Congrès des sciences humaines

Indigenous ways of knowing and the academy: Part 1 of 2

Guest blog by Aaron Franks, Mitacs-SSHRC Visiting Fellow in Indigenous Research and Reconciliation

I had the privilege of attending a conference marking the 20th anniversary of the release of the Royal Commission on Aboriginal People (RCAP, 1996) last November. One of the participants at the Social Sciences and Humanities Research Council (SSHRC) session on research and reconciliation expressed concern about the phrase “Indigenous ways of knowing.” Why single out “Indigenous,” and why qualify human logic and comprehension with the squishy phrase “ways of knowing”? This person had spent many years thinking through these issues, working hard to improve opportunities for Indigenous peoples, but I was  struck by the intensity of the concern – centred, I think, on the possibility that  identifying “Indigenous ways of knowing” might prove to be another strategy to marginalize...

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Une étudiante étrangère explore le bien-être des jeunes autochtones à l’aide des arts et de la culture

Blogue par Robyn Dugas, Spécialiste de contenu, Mitacs

Jessica Blain était une étudiante en troisième année du premier cycle de l’Université Australia à Sydney. Par un Stage de recherche Mitacs Globalink à l’Université Concordia, elle a aidé à évaluer l’impact d’un programme de théâtre communautaire sur le bien-être des jeunes d’une communauté éloignée des Premières nations du Nord de la Saskatchewan. Ses expériences lui ont démontré le potentiel qu’ont les programmes artistiques pour fournir un espace positif afin de promouvoir le développement créatif et le leadership parmi les jeunes autochtones....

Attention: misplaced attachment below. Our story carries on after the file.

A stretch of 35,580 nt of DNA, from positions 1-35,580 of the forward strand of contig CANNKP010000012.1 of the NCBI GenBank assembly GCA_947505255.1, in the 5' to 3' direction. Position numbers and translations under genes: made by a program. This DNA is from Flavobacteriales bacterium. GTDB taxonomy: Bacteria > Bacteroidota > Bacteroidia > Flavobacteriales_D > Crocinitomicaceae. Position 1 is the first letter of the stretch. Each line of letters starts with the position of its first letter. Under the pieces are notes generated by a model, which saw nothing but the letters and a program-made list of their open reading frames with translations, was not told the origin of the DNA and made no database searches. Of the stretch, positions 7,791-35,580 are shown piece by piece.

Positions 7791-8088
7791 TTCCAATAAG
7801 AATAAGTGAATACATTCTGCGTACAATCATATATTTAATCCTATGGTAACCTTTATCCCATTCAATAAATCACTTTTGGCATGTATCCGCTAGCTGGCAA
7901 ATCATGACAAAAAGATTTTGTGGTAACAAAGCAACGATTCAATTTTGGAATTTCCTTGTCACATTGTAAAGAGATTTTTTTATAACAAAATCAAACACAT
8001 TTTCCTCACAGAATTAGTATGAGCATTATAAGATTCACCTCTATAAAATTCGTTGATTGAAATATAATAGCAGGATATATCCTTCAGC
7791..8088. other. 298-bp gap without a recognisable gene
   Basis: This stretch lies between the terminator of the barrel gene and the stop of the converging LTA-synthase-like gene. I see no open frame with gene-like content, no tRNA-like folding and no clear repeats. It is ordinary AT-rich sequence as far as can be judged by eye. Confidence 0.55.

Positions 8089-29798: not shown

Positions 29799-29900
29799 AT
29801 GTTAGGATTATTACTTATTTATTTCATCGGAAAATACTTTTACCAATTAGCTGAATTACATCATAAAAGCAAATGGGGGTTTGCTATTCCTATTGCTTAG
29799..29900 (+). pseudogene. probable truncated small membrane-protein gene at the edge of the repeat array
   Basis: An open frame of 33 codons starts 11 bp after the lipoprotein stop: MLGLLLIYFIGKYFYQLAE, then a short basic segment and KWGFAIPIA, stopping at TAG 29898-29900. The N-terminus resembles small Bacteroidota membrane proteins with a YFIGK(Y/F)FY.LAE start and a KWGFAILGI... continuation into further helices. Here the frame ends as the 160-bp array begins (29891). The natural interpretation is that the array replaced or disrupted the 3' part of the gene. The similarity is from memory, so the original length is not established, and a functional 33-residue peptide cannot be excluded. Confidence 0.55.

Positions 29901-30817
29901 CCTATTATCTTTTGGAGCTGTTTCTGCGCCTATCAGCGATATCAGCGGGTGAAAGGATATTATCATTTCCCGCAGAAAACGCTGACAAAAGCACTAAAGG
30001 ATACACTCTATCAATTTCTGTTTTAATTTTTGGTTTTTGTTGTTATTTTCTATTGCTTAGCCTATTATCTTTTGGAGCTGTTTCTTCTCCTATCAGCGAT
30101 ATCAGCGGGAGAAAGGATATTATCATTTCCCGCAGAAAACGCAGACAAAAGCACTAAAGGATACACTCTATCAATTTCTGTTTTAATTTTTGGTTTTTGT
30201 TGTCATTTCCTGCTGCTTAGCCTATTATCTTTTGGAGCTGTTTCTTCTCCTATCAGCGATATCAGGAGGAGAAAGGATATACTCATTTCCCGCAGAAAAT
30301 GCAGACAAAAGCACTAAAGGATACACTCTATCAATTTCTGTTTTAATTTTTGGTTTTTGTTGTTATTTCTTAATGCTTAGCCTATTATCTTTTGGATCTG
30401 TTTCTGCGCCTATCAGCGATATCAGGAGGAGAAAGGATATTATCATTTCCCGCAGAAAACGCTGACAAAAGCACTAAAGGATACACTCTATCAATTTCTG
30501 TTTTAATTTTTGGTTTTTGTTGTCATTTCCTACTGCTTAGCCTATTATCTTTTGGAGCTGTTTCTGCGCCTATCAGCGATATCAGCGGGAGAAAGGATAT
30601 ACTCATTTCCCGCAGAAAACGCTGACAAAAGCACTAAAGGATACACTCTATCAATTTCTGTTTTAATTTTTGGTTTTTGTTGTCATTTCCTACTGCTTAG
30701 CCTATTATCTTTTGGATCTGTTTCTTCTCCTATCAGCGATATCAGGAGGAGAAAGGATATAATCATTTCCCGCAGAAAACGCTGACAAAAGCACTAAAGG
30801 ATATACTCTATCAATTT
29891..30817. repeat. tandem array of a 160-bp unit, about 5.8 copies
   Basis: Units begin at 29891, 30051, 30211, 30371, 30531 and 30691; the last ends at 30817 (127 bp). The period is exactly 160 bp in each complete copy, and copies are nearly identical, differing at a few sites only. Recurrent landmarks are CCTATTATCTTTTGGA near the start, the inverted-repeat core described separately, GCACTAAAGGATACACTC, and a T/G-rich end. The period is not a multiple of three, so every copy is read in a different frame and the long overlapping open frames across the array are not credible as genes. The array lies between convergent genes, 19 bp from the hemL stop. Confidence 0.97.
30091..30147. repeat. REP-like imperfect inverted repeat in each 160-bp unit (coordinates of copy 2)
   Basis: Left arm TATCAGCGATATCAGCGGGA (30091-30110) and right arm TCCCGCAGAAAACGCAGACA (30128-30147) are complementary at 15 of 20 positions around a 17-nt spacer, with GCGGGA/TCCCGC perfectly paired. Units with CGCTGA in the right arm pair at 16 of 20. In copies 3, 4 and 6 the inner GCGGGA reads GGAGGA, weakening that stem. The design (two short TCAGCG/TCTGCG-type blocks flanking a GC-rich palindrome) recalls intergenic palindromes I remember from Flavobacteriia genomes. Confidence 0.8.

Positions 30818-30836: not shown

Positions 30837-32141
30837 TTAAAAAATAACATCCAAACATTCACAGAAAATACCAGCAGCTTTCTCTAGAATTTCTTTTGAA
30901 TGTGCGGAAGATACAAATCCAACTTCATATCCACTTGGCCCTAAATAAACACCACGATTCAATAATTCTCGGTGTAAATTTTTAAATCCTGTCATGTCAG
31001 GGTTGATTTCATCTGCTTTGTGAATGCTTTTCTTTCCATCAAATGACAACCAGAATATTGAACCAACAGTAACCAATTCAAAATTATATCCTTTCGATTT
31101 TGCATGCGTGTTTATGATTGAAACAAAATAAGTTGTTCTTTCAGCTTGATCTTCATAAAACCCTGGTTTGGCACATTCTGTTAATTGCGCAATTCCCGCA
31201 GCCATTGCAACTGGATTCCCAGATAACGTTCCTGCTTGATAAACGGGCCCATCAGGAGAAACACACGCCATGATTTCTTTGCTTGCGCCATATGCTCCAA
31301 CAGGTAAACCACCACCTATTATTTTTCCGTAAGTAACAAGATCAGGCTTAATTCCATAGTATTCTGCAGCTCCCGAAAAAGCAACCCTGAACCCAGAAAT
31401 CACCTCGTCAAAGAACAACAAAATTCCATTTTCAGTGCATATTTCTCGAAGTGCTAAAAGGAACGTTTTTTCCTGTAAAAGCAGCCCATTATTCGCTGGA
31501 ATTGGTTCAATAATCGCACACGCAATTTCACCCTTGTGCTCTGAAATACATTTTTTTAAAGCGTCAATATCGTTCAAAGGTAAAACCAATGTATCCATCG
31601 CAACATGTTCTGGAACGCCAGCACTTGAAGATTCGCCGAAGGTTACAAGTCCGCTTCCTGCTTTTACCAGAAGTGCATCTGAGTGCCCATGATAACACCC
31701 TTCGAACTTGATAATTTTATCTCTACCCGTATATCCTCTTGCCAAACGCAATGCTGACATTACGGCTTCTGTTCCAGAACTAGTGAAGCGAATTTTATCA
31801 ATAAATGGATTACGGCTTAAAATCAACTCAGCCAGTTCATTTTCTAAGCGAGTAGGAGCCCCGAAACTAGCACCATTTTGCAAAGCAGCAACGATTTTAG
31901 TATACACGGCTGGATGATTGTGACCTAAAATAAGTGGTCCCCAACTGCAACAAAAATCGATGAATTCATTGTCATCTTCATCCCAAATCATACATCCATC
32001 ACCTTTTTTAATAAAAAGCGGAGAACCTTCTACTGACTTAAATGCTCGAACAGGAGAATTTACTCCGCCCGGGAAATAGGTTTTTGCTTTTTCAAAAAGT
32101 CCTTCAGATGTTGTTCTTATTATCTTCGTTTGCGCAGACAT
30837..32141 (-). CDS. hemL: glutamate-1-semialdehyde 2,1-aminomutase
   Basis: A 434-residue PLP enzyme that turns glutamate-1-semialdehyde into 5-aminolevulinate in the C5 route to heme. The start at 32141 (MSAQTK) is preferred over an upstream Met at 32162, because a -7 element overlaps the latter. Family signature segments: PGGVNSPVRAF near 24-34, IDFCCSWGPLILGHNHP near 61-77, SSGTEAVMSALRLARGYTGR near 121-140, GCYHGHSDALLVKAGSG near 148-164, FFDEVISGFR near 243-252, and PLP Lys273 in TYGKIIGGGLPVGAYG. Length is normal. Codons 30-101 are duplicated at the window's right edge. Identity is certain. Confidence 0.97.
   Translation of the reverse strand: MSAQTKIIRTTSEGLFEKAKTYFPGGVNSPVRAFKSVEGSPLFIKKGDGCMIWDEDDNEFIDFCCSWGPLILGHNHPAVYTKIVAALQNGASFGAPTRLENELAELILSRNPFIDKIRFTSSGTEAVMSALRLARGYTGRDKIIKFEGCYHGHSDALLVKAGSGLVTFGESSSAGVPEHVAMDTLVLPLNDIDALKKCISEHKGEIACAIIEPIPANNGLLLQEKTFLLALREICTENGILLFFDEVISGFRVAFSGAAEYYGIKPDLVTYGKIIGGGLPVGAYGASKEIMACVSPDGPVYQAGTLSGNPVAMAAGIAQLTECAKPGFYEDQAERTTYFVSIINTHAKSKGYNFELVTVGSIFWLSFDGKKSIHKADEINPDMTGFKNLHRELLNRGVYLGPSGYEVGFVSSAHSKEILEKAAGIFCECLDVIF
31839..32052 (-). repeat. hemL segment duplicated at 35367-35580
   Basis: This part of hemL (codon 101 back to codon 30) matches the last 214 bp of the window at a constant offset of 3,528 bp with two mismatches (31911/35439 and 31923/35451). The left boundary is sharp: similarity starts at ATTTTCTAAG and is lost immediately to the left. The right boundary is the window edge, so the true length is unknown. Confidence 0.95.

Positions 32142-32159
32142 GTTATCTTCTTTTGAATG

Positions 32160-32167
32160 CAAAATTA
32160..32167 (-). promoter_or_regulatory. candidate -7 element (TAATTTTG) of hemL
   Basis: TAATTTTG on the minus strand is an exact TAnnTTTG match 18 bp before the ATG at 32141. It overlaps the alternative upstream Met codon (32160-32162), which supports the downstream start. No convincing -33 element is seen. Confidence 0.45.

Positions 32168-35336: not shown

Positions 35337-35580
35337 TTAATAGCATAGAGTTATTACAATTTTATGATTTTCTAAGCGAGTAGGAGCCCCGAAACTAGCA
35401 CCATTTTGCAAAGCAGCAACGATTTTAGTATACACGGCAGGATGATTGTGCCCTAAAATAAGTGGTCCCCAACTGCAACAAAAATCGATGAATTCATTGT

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International student explores Indigenous youth wellbeing with arts and culture

Guest blog by Robyn Dugas, Content Specialist, Mitacs

Jessica Blain was a third-year undergraduate student from Australia’s University of Sydney.Through a Mitacs Globalink Research Internship at Concordia University, she helped evaluate the impact of a community-based theatre program on the wellbeing of young people in a remote First Nations community in Northern Saskatchewan. Her experiences showed her the potential for arts-based programs to provide a positive space for fostering creative development and leadership among Indigenous youth.

Participatory arts and culture activities...

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L’élaboration efficace de politiques nécessite des voix des sciences sociales et humaines

Blogue par Steve Higham, Analyste des politiques

Les décisions politiques mal éclairées ont des conséquences importantes et durables. Souvent, les critiques tiennent pour acquis que les décisions politiques négatives peuvent être évitées seulement si les décideurs sont guidés par des données et des preuves scientifiques. Toutefois, les données et les preuves ne sont pas les seuls facteurs qui éclairent le processus d’élaboration de politiques. Pour la majorité des questions, les décisions seront influencées par des considérations culturelles et politiques, avec les croyances, principes et valeurs correspondants qu’un gouvernement peut ou pas...

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Effective policy making needs voices from the social sciences and humanities

Guest blog by Steve Higham, Policy Analyst

Poorly informed policy decisions can have significant and lasting consequences. Often, critics assume that negative policy decisions can be avoided if only decision makers are guided by data and scientific evidence. However, data and evidence are not the only factors that inform the policy-making process. On most issues, decisions will be influenced by cultural and political considerations, with corresponding beliefs, principles, and values that a government may or may not support.

This is not necessarily a negative aspect of the policymaking process. Without proper context and understanding, decisions based...

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The Doctoral Dissertation – A Consultation

Guest blog by the Canadian Association for Graduate Studies (CAGS)